Remote Monitoring in the Private Practice
By now, you have probably heard about the growing popularity of self- and remote monitoring technologies which are sweeping healthcare. Consumer-focused devices such as Fitbit®, and clinical systems that capture health data, track medication adherence and treatment compliance are forever changing the way health data is understood and shared between patient and practitioner.
Remote patient monitoring is already widely used in many fields including cardiology, pulmonology and dermatology, changing not only the relationship of patients to their healthcare provider, but also empowering patients’ abilities to understand their own well-being. Now, affordable technology is also available which enables self- and remote monitoring of dental conditions.
For self- and remote monitoring to be effective in the dental setting, there’s really just one key way to share information – visually. Whether patients send a photo of a chipped tooth using their smartphone or by using an intraoral camera specifically designed for consumer use, visual communication enables patients to provide their dentists with a more complete and accurate “picture” of an issue when a verbal description over the phone would be ambiguous or incomplete.
Furthermore, giving patients the ability to see their entire mouth with their home computer not only encourages improved home care, but also allows them to see the areas of their teeth where cosmetic or restorative treatment might be desirable. With greater visibility of dental conditions, patients self-generate interest in cosmetic treatments, boost recall adherence and foster a stronger connection to their dentist, all without the dentist being in the role of salesperson or recall hound. And hygienists or dentists can schedule visual remote consultations and reminders to make sure the care recommendations discussed during the office visit don’t go in one ear and out the other.
Even insurance companies are beginning to acknowledge the benefits of remote dental evaluations. For example, beginning January 1, 2015 in California, remote dental visual consultation will be funded by Medicaid. California is among the first states to launch such teledentistry services, which are intended to increase the options for patients in remote and underserved areas. Other states, including Alaska, Oregon, Colorado, Hawaii and West Virginia, are interested in creating their own teledentistry programs.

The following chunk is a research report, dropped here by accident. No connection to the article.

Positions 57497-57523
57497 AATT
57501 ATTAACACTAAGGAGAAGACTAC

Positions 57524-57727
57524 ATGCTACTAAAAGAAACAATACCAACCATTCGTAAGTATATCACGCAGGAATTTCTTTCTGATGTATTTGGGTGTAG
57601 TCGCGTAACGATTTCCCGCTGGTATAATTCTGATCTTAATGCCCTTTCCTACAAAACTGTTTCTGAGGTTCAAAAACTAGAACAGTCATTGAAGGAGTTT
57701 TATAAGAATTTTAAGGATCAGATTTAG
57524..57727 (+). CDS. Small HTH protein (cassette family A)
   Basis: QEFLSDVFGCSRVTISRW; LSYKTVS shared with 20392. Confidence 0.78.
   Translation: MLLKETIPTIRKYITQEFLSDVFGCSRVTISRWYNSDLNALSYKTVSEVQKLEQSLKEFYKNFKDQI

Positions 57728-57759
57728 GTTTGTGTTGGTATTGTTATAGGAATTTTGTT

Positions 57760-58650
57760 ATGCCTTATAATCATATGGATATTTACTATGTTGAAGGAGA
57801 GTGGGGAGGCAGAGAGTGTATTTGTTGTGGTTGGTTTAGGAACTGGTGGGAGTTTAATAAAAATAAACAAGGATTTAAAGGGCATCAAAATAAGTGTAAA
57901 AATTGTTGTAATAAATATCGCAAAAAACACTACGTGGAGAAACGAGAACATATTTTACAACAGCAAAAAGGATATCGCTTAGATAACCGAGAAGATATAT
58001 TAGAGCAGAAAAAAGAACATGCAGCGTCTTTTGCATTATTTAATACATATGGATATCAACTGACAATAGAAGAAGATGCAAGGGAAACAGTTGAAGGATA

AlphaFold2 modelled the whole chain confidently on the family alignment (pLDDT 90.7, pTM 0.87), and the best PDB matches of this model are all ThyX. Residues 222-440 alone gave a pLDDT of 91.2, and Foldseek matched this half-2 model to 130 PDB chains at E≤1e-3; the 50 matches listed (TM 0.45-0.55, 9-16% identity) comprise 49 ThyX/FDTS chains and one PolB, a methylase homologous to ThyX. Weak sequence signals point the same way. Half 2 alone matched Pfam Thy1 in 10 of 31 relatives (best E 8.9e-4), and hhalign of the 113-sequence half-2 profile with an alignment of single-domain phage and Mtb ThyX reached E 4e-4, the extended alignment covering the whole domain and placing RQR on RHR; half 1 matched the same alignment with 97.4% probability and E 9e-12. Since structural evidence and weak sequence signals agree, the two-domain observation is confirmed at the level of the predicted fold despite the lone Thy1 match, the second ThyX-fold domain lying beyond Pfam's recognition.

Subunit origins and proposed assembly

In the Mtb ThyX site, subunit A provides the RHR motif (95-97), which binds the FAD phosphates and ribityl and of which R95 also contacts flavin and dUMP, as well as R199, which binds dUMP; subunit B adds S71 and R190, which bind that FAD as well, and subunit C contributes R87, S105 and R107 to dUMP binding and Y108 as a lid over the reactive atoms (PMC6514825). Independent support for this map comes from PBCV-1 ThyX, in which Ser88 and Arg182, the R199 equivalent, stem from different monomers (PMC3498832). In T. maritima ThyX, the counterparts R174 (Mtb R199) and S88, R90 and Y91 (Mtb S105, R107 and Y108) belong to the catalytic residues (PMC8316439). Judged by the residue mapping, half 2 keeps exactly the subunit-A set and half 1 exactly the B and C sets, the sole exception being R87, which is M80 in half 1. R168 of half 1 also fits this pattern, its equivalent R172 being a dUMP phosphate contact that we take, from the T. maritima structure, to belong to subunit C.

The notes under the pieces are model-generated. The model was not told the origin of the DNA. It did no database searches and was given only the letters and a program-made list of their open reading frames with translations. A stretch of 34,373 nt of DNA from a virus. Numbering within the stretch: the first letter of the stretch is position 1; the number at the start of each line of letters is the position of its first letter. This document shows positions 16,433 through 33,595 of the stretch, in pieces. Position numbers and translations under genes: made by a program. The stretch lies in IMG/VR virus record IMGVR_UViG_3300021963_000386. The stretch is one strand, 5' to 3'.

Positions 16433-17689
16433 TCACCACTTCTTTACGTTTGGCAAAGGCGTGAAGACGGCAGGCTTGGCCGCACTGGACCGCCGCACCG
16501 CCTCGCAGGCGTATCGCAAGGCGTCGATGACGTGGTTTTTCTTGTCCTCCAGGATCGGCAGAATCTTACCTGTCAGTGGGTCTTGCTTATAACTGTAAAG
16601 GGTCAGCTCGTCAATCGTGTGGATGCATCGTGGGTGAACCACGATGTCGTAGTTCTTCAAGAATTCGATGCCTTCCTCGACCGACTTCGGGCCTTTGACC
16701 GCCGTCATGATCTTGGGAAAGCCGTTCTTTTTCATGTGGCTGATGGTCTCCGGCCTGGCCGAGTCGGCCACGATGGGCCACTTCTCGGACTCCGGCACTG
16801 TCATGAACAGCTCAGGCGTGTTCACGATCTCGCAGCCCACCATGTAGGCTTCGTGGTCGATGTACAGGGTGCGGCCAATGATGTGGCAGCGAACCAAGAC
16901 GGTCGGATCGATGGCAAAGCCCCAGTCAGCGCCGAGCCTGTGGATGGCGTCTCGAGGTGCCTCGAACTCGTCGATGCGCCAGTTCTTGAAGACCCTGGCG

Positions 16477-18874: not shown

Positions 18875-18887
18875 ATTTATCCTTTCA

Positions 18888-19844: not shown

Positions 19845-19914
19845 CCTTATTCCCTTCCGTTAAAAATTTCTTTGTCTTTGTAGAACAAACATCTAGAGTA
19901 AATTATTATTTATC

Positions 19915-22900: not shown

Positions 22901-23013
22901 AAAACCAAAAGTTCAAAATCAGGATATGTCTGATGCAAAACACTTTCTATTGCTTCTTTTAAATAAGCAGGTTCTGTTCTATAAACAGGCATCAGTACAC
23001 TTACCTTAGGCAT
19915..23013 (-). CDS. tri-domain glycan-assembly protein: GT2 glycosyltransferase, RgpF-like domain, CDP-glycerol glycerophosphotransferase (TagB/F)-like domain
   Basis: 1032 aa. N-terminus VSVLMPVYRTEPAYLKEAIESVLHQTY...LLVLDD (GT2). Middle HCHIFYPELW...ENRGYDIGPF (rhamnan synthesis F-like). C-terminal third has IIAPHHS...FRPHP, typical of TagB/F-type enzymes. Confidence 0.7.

Of course, you and your staff won’t be interested in having patients share the number of calories they’ve burned or their blood pressure history with remote monitoring devices. But now, your practice can easily increase case acceptance, boost recall visits and enhance patient engagement through the use of visual monitoring via consumer-priced intraoral cameras, mobile apps and secure image sharing software.
I think this concept would work well for orthodontic patients, too. If a bracket or wire broke, the patient could show the problem, and a staff member could advise whether it could be solved at home. That would avoid the orthodontist having to fit in an emergency visit.
I agree about the orthodontic use (have a daughter in braces) and I think this oral camera would also be a useful tool at home in teaching children proper brushing…visusally you could show them what they areas they are missing. Oral care is such an important of overall health.
[…] Remote Monitoring in the Private Practice Remote patient monitoring is already very popular in the fields of cardiology, pulmonology and dermatology. This technology has led to closer patient doctor relationships and has allowed the patient to learn more about their own well- being. Now, with more affordable and targeted technology, remote monitoring is becoming more readily available to the dental field. Read on for more information on how this type of technology can improve your practice. […]
This will be a great and useful technology, especially as our personal devices such as smartphones continue to improve and now come with Health-sharing information standard on many devices. It could seriously improve care and allow doctors, dentists, and other health care practitioners to keep tabs on their patients and look up issues that the patient may want to mention but may have otherwise forgotten or was too embarassed to talk about. There is a razor edge here though with privacy, and I think it will be a few years before those concerns are addressed and put to rest.